The best laid plans of mice and men often go awry.
Wise words from Rabbie Burns, former Exciseman turned National Bard in 1786. And we’d do better to heed such a statement, as you see, we had plans for this whisky. Mark and I believed that it’d be a good thing to pick up a single cask release from Tyndrum whisky to review. Hence this article obviously. But to also showcase the fine efforts of this retailer in picking out single casks and also the overlooked nature of the Glenglassaugh distillery.
Glenglassaugh, we wrongly thought, would never sellout. It did, on the presale alone. Which just goes to show you how much we know and the changing marketplace.
Even now, as I commence this article on a calm Monday morning. A bottle has immediately hit the secondary market and is already doing ok for the flipper. While this has been a summer of lockdown, it’s also been a summer of flipping. If you browse the secondary market, then you’ll have seen multiples of recent releases all appearing on a regular basis. Just a count of a current auction shows 84 Waterford’s and 28 Bimber’s, which are the tip of the iceberg.
There are financial gains to be made, obviously, and we mustn’t ignore losses: especially true if the widescale flooding continues. The attraction of profit will only become more hypnotic as more economic hardship knocks on our doors. Then, there are those new to the whole enterprise. Attracted by the prospect of a little fun and reward. Unable to eat out on a regular basis, travel or shop as flamboyantly as before. The pull of becoming an armchair speculator has drawn in more players than before.
So, while exports are affected and sales are starting to slow. The market for limited and exclusive continues to prosper. Even with unlikely candidates such as Glenglassaugh it seems. The recent Bowmore Aston Martin DB5 is the pinnacle so far of this bizarre cult of whisky. A 31 year old whisky, which was effectively re-bottled to enable the car manufacturer to have their moment of exclusivity. The missing years are not mentioned, discussed, or dwelled upon amongst any of the press releases that have been thrust under my nose by search engines. What might have been a classy whisky on paper, has been reduced to a sideshow, a mere hood ornament for the privileged. Bottled in 1995, has it been sitting under a tarpaulin sheet, far from prying eyes, at the back of a warehouse?
Frankly, my dear, I don’t give a damn.
Where should I go? If we reverse the order of things. Where should an actual drinker of whisky go? What options remain in such a volatile marketplace, where opening, sharing and experiencing are very much the exception?
Many of us have tried to take a diplomatic approach. Hoping that by ignoring the problem it would simmer and then peter out. But the flames continue to spread and engulf many, including Glenglassaugh of all things. Very much an unfashionable, runt of the litter distillery. Generally purposed for the blending of insignificant fodder. Given its location, very much out of sight, out of mind for previous owners, as history has shown us.
To a certain extent, Glenglassaugh has an admirable inventory, which we’ve seen unleashed with various exceptionally aged whiskies of late, encased in distinctive bottle shapes. Yet, it has never struck a chord with whisky enthusiasts as much as other names within the industry. But here we are with an 8-year old that has sold out on pre-order. Part of me hopes that this is due to the unique nature of this being a peated rum cask rather than the signature of Rachel Barrie on the label. A break from the parade of octaves we’ve seen numerous times from private individuals, where the whisky has been of variable quality.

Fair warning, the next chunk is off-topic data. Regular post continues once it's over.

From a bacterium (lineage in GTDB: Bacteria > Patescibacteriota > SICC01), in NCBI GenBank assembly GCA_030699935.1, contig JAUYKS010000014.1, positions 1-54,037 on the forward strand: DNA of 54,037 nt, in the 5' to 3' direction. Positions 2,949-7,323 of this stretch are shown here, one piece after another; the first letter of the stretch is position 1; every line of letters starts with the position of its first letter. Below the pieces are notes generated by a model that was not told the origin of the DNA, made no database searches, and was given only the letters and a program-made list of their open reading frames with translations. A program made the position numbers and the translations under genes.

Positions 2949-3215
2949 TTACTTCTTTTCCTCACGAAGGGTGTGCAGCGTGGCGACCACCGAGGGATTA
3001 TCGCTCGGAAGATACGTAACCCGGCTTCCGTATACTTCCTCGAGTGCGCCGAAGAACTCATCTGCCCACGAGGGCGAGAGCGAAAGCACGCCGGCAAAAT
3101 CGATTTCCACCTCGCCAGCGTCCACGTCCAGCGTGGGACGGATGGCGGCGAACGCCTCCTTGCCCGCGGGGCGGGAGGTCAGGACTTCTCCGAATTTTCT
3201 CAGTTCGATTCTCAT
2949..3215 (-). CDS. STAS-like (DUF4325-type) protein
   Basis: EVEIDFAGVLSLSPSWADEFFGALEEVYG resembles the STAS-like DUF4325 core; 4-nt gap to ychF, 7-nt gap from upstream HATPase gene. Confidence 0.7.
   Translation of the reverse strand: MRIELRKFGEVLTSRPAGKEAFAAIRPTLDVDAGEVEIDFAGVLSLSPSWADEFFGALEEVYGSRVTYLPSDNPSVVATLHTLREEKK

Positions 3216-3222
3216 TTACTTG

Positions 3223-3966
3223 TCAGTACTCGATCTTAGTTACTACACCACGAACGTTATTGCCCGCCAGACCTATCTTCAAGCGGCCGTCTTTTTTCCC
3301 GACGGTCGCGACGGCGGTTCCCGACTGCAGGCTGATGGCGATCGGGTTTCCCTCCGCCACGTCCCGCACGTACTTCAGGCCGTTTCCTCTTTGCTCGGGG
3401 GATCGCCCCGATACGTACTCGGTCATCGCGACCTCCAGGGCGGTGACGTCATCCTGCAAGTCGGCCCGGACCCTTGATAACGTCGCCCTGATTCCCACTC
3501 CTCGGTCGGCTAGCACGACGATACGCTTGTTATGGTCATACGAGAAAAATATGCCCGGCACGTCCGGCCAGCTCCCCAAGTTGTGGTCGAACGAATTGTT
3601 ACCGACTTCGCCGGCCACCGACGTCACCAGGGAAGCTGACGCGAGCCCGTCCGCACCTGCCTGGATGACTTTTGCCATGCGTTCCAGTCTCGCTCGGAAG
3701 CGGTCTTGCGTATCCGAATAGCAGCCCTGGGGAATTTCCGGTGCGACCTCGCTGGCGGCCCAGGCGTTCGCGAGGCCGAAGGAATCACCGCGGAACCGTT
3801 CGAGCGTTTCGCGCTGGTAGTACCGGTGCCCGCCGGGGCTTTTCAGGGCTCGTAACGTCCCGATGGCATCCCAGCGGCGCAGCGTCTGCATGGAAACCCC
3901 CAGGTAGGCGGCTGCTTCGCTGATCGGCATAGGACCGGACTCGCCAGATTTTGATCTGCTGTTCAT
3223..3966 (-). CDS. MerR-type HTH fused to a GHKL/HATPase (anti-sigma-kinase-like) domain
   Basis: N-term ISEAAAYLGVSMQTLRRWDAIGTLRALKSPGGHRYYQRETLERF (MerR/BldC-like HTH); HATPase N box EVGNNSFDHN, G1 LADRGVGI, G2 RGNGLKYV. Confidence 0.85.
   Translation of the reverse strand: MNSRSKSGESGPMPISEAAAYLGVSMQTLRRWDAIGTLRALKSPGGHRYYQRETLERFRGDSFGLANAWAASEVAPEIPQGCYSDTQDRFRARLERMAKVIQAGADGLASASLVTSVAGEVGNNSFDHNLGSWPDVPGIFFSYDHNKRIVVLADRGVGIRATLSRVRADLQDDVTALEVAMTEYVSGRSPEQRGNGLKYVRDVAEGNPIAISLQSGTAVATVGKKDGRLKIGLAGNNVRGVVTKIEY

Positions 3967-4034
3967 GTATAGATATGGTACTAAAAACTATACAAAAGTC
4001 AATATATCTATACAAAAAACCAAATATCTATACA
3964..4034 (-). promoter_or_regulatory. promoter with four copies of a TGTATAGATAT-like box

This peated rum barrel #2 (origins not specified, sadly), was distilled on 16th May 2011 and apparently bottled just before lockdown in 2020, at 8 years of age. The cask produced 216 bottles at 55.2% and retailed for a reasonable £65. Seal broken, we’ve ensured one less bottle hits that other market…
Glenglassaugh 2011 Rum Cask Tyndrum – review
Colour: gold leaf.
On the nose: a surprising degree of thatched peat, softened by brown sugar and fatty oils. A lovely balanced arrival. I’d never have put this down as Glenglassaugh. Wholemeal toast, bacon crisps, pureed apples, grilled pineapple and syrup. Some limescale, Dime Bars alongside smoked haddock and with time, mint leaf.
In the mouth: ooh a pleasing oily texture. Dying embers and a coastal salty vibe mixed with more sugary sweetness. Cracked black pepper, peanuts and more bacon – and isn’t bacon just a good thing in general?
There’s something increasingly scarce about finding a good single cask whisky, that warrants such a distinction and is well-priced. For everything that’s being released nowadays, that balance of value and experience is increasingly tipped towards disappointment. Fortunately, we do consider prices and the downside here is that this release sold out on the prospect of such a combination and consumer trust.
So, while I cannot guarantee you can pick up a bottle of this anytime soon. I’d suggest keeping an eye Tyndrum Whisky and other retailers for their own picks. This Glenglassaugh goes down as one of the most enjoyable whiskies from the distillery I’ve had in recent times.
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